This engine and car combination is such a hard act to follow because by objective judgment neither is particularly good these days, so you can’t just make it objectively better because of the enormous risk of simultaneously making it subjectively worse. And there’s no doubt which measure counts for more here. And I have no idea when or even if the Mulsanne will be replaced. My guess is that it will because Bentley won’t want to relinquish the territory to Rolls-Royce and, lest we forget, Lagonda. But I expect there will be a hiatus of a number of years and when the new car comes it will be a pure-electric vehicle.

So this is not just the end for the Mulsanne and its amazing old engine, it is in some sense the end of an era for Bentley too. Still 60 years – almost half the time that cars have been in existence – is not a bad innings. And I, for one, am glad I was around to see it.

*How does the original Bentley V8 compare?*

Read books about the history of Rolls-Royce and Bentley and you might escape with the idea that the new V8 wasn’t such a big deal. The product didn’t change much other than what was required to accommodate the new engine: the S1 just became the S2, its 4.9-litre, six-cylinder motor replaced by a 6.25-litre V8.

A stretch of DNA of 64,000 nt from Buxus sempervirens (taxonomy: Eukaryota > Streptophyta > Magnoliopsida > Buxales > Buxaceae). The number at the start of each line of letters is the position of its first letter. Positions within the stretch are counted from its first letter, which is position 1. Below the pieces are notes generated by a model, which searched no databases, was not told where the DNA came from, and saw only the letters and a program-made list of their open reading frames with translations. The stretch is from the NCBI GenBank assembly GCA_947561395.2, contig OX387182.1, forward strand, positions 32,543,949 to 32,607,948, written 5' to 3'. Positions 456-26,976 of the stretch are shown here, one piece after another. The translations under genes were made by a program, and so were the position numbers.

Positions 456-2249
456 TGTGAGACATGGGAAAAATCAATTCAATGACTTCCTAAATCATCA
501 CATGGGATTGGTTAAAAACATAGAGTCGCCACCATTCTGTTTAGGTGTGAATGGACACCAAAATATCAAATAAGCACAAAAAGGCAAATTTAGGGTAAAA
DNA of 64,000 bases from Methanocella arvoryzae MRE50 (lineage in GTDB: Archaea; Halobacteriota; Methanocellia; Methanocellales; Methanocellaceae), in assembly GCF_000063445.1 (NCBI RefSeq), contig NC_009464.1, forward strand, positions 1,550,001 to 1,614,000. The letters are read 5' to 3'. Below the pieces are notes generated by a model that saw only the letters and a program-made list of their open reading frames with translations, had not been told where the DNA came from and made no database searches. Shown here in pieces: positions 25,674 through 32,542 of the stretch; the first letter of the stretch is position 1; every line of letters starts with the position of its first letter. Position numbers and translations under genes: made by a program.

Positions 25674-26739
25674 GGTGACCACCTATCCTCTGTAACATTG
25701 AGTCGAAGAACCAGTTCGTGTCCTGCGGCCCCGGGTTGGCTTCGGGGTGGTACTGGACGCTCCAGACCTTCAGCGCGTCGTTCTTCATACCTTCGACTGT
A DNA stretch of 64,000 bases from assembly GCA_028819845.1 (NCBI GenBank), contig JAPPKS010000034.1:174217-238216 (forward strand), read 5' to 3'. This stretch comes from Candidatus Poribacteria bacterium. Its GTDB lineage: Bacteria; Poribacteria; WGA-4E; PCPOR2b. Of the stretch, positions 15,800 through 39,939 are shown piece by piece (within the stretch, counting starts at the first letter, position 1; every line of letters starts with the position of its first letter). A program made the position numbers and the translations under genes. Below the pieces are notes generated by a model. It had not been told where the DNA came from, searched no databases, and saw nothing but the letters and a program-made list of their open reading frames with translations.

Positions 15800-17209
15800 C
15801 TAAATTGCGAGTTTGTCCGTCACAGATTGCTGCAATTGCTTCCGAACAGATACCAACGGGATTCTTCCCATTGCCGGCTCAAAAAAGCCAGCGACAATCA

No one talked about power or torque, either, for the publicly stated reason that that wouldn’t have been very gallant. Perhaps more likely and in private it was because the company didn’t feel like owning up to the fact that, with only around 200bhp, its brand-new engine had no more power than did those fitted to the last true Bentleys almost 30 years earlier.

I wasn’t bothered by that. I just wanted to know if two engines built 60 years apart could feel related in any meaningful way. And the rather lovely truth is that they do, at least up to a point.

Of course, I expected the S2 scarcely to be able to get out of its own way, but in fact it felt quite sprightly, despite its engine’s age, smaller capacity and absence of turbochargers. By 1959 standards, it would have moved right along. It still has that delicious laziness, and while the thunder is more of a rumble, it feels as appropriate to its 60-year-old surroundings as does the Mulsanne’s motor today. It actually feels a lot younger than the car it’s in, largely because it is. While the engine may have been brand new in 1959, the S2’s design philosophy dates back almost to the war and, frankly, it shows. It would be the mid-1960s before Rolls-Royce and Bentley embraced the modern era with the monocoque Shadow and T-series. The S2 remains an interesting curio, but the engine is better than the car to which it is fitted. In the Mulsanne, they are perfectly matched. Both will be missed.

*Great eights: the many lives of the Bentley V8*